DUMP

  • 9 months ago
  • 0
  • Author: SW101

CLOUD TO GROUND LIGHTNING

As the electric field strength around the cloud increases, the air begins to “break down” to neutralize the charge separation. This can only happen in extremely strong electric fields, tens of thousands of volts per centimeter (approximately 30 kV/cm). The air becomes ionized: it breaks down into positively charged ions and electrons. Ionized air (also called plasma) is much more conductive for electric current than non-ionized air.

A lightning bolt begins from the cloud down with the development of stepped leaders. As the air begins to break down, a negatively charged channel of ionized air emerges from the bottom of the cloud, glowing in purple, moving towards the positively charged ground. The stepped leader will generally follow the electric field (flux) lines, running from the bottom of the thunderstorm to the ground. In a completely homogenous air and electric field, stepped leaders would develop vertically towards the ground, however, the field is not homogenous. Variations caused by heterogeneities in charge distribution in the cloud and between the cloud and the ground cause the stepped leader to take a much more irregular path.

The stepped leader develops step-wise: in surges about 50 m long, with each surge producing a small flash of light. Leaders grow towards the ground, branching out along the way with new leaders forming in kinks, bends and turns. This process is extremely rapid, so do not be confused by the fact you have not seen it with your own eyes. Stepped leaders grow at a speed of 100 000 – 200 000 m/s (100-200 km/s); each step forms even faster (~7×10^5 m/s, over 10% the speed of light), but the stepped leader pauses before taking a new step. It takes a very high speed camera to capture this process. The upward leader takes several tens of milliseconds to travel from the point of origin in the cloud to (close to) the ground.

As stepped leaders approach the ground, the ground responds to the strong electric field by growing upward positive streamers. They can form on any surface, but tend to be more prominent on sharp edges. Unlike stepped leaders, positive streamers do not grow: they reach upwards at a steady length as stepped leaders approach from above.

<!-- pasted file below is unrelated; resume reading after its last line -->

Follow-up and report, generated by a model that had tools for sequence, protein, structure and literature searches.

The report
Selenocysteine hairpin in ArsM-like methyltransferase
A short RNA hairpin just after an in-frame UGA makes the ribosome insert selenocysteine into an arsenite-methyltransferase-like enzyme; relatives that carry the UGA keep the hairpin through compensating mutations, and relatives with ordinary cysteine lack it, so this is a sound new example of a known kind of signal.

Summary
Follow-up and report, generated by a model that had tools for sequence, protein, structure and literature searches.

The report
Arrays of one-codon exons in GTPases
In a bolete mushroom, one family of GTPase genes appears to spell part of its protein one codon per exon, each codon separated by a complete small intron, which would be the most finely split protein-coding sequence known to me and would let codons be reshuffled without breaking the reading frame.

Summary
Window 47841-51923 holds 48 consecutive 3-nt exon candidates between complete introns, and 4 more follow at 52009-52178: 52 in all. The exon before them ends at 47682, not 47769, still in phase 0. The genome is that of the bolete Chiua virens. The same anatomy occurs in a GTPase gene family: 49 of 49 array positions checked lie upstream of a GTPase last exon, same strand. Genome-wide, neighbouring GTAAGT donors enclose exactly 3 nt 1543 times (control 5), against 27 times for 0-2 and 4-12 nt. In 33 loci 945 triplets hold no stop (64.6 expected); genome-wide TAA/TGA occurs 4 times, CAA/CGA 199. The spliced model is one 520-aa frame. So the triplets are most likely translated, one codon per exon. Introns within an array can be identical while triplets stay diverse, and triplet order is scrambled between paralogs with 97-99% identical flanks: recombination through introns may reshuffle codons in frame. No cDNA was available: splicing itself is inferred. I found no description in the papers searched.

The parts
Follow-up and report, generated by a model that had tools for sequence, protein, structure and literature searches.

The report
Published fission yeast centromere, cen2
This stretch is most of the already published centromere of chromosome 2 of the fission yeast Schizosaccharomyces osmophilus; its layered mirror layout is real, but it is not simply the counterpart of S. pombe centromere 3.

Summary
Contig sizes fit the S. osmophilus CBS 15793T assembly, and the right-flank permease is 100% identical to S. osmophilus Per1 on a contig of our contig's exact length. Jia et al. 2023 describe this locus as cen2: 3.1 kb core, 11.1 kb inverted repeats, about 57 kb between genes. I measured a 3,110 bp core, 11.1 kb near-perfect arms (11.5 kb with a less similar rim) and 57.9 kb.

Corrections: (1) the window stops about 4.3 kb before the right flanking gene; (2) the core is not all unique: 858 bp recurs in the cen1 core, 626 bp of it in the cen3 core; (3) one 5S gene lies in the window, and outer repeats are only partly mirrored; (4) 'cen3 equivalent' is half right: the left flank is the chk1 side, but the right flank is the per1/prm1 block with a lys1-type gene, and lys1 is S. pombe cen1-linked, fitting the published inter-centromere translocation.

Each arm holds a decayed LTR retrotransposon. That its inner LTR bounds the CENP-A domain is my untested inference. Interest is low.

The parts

When the stepped leader going downward and any of the upward reaching positive streamers connect, a conductive path has opened between the cloud and the ground. Current flows through the channel, equalizing the charge difference between the cloud and the ground: this is the lightning bolt.

– it is not necessarily the shortest path from the cloud to the ground (it actually never is)
– when the flash occurs, the charge from stepped leaders connected to the leader that reached the ground also provide current: charge within the leaders flows into the main lightning channel. Leaders undergo the same heating and light flash as the main channel.

From the point of contact between the stepped leader and the upward streamer, the current rapidly flows to the ground, progressively drawing charge from parts of the stepped leader ‘upstream’. This is the return stroke.

Scientists Find Dead Lightning Branches That Come Back to Life


http://www.atmo.arizona.edu/students/courselinks/spring15/atmo589/ATMO489_online/lecture_14/lect14_lightning_pt1.html

Lightning photography 101

RIBBON LIGHTNING

Fun fact: there is a similar process of air break down in extremely strong electric fields that everyone is familiar with. If you walk rugs or other types of synthetic (preproge??)